I'm at a philosophy conference outside of the US. I think there may be even fewer women in philosophy in this country and its neighbors than in mine. The conference hotel is small, and philosophers don't look quite like most of the other guests. There are no nametags, and the conference just started today.Evelyn Brister is the writer, here.
I got on the elevator this morning, on the 6th floor, to go down to breakfast at the designated time. On the 5th floor a young man got on, sporting a ponytail and sport coat (i.e., our uniform). On the 4th floor, a white-haired man got on. The young man turned to the older man before the doors were even closed and asked him "Are you a philosopher? Are you here for the conference?" (the lingua franca is English) and introduced himself.I may as well have well been wallpaper. Female, and visibly pregnant to boot. No chance of my having deep thoughts or being someone worth knowing. Or--maybe I'm just overly sensitive, and it was the white hair that made the young man snap to. Someone 10 or 15 years older than me might be someone worth schmoozing with. Then again, I don't often see my white-haired female colleagues getting that treatment, either.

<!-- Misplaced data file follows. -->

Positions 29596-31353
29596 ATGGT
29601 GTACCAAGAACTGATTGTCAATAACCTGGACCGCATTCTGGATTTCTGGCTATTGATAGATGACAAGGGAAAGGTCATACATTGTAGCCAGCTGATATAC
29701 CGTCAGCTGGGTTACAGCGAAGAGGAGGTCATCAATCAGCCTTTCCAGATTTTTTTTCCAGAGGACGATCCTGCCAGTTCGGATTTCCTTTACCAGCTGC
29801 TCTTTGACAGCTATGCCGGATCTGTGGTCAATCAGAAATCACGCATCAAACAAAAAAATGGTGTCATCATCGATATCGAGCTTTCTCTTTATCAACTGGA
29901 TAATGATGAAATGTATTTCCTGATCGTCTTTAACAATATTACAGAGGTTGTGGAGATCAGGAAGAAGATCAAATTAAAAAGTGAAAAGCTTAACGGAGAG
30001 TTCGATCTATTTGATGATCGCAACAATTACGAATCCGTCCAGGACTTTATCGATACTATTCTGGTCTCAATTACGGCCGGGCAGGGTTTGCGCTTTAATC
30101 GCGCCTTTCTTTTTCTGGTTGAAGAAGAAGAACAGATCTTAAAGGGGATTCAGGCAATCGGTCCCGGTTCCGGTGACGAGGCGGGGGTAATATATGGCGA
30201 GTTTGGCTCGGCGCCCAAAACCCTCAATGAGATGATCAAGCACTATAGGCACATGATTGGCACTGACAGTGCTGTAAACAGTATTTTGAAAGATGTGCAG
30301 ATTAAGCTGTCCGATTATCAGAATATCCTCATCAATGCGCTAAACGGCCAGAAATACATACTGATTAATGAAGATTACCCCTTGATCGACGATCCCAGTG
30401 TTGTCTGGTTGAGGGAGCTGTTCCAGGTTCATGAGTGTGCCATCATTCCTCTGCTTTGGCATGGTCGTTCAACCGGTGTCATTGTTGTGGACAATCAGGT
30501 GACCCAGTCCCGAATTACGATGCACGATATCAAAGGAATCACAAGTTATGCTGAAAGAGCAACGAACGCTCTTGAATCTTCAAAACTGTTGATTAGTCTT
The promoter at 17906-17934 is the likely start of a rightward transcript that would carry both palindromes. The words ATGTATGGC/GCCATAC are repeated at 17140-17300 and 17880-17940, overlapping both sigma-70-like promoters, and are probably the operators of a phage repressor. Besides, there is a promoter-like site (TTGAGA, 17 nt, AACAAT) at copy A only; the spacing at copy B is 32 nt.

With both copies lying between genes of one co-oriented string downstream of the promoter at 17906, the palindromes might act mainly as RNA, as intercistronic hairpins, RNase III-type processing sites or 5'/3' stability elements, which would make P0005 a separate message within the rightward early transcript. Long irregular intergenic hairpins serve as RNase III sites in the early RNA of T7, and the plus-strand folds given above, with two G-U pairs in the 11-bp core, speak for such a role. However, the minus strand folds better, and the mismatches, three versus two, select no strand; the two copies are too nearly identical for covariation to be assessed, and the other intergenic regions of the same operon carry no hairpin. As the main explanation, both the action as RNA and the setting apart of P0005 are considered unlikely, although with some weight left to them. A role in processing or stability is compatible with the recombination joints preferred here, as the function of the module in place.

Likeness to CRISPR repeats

Elevator Story, Deux
I'm not kidding! This is a great example of how unconscious assumptions can make women invisible--
Labels: elevator ethics